Trying to learn the language without talking to other people is hard. Because it makes you part of society so take any chance to talk to people, even on the phone. as a result you will learn grammar as you listen to how other people use the words and speak even if you do not know the rules.
2.learn the parts of speech.
You need to know this when you are learning grammar, because the parts of speech will make it easy for you to use the word in a sentence. When you make an effort to identify words as parts of speech all the time, you will get a better idea of how the words come together in asentence, Listed below are the different parts of speech and their descriptions.
• Noun – is the name of a person, place, or thing. They can be proper nouns which are specific names such as Julie, Cambridge University, and iPhone, or common nouns or general terms such as girl, school, or smart phone.
• Pronoun – takes the place of a noun in a sentence. The types of pronouns are personal (he, she, it); possessive (mine, hers, his); reflexive (myself, herself, himself, itself); reciprocal (each other); relative (that, which, whom, whose); demonstrative (this, that); interrogative (who, what, when); and indefinite (anyone, anything, nothing, somebody).
• Adjective – describes a noun or pronoun, i.e. pretty girl, prestigious school, gray smart phone
• Article – a special adjective used to define a noun as definite (the) or indefinite (a/an)
• Verb – action word, i.e. jump, walk, speak, right, be
• Adverb – describes a verb, adjective, or another adverb, i.e. jump high, walk slowly, very pretty, highly prestigious school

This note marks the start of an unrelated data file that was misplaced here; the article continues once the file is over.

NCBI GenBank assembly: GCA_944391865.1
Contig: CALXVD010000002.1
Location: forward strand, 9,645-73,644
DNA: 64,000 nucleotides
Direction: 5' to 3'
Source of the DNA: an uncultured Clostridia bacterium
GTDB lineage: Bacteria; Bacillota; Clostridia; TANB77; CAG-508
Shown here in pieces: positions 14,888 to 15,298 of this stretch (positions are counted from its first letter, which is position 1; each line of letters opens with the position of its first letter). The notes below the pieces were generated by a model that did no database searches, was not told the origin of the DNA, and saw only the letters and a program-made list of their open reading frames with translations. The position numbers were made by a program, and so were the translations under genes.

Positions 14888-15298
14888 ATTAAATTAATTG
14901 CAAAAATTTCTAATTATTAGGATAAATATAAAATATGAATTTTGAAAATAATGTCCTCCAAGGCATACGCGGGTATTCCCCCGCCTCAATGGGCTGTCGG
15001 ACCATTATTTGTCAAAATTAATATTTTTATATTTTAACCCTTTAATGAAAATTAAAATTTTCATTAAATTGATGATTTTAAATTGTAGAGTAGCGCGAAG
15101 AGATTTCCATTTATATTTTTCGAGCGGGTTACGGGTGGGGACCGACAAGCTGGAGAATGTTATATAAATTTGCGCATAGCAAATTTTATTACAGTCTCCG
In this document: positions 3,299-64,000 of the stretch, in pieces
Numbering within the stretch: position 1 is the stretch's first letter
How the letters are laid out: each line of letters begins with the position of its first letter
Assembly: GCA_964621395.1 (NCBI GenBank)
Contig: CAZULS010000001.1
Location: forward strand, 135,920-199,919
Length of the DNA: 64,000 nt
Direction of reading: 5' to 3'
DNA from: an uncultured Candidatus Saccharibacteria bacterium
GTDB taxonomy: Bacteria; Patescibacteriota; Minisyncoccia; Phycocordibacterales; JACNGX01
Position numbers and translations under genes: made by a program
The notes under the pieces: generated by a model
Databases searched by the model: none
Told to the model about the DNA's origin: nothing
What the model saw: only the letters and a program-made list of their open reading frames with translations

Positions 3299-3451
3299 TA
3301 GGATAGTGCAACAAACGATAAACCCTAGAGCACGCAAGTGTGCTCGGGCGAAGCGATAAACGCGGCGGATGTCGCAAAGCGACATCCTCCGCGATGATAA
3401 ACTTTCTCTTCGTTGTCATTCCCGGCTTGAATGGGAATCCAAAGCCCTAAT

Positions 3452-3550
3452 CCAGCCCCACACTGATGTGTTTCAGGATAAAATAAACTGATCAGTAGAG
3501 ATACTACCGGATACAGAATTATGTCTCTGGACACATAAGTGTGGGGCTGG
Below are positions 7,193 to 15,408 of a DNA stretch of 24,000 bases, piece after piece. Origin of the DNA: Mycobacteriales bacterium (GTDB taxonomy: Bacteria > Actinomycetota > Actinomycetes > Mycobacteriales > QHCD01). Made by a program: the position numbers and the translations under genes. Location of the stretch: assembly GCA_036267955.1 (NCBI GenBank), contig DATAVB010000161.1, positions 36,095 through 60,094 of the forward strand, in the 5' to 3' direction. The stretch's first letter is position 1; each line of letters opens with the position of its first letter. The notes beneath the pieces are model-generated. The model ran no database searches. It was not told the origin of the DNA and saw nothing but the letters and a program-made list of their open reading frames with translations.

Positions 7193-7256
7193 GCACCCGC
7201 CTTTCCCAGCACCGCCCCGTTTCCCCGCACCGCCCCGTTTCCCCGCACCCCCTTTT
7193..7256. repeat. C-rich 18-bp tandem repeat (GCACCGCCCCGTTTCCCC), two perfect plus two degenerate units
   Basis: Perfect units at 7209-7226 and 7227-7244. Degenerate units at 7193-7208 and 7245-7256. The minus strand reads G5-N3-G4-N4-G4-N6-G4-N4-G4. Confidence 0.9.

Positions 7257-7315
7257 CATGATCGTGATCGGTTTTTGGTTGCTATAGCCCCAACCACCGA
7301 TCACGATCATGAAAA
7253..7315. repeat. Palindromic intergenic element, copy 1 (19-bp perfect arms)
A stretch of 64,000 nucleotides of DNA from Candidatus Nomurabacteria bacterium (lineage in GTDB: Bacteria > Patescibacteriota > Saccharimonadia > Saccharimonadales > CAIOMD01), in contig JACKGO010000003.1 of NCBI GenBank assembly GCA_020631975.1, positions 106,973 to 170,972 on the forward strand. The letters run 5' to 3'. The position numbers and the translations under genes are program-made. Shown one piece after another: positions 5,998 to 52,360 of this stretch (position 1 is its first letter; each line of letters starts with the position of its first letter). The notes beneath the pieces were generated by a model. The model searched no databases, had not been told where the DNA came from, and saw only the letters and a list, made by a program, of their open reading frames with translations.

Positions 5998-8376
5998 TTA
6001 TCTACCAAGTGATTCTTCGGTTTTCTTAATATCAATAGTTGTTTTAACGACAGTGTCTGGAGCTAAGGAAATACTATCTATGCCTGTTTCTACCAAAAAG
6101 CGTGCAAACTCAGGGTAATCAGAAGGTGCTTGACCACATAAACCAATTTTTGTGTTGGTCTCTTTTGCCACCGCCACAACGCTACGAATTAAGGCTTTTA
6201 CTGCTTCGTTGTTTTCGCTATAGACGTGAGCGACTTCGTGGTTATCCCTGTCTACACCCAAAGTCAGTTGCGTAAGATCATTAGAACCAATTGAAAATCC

• Conjunction – puts together two parts of a sentence, (and, or, but)
• Preposition – shows position or direction, used with a noun or pronoun, i.e., He went up the stairs. Other examples: Julie came from school.
• Interjection – words that show emotions, i.e., Wow!, Ouch!
3. Study verb forms.
verb forms are one of the biggest challenges in learning grammar . It can be time, person, number, aspect, voice, mood, or gender. You probably know about present, past, and future tense. These are conjugations of time.
There are two types of verbs when it comes to conjugation, regular and irregular. Regular verbs are easy because they follow a pattern. One example is the verb “bake.” To make the present form “bake” into the past, you simply add “d,” so the past tense is “baked.” For the future tense, you add the word “will” or “shall” before the verb, so “will bake” or “shall bake.” All verbs that follow this pattern are regular verbs.
You might have some problems when it comes to irregular verbs, though. There are no set rules, so you need to know how to conjugate each word. The past tense of “take,” for example, is not “taked” as you might think because it looks the same as “bake,” but the correct answer is in fact “took.” The past tense of “buy” is “bought,” while “run” is “ran.” and so on.
So once you know many verbs in simple present, past, and future verb forms, you can start practicing with present perfect, past perfect, and past continuous.
4.watch to learn
The best way to learn grammar is to watch movies and television shows in the language you are interested in, and listen carefully. Go back if you did not understand anything. Try to get copies with English subtitles to help you understand what people with heavy accents are saying.
5. Learn patterns.
You will notice patterns as you identify parts of speech in a sentence. Try to identify them without checking your grammar notes, and follow the patterns when you make your own sentences. You will see how your efforts have paid off so far.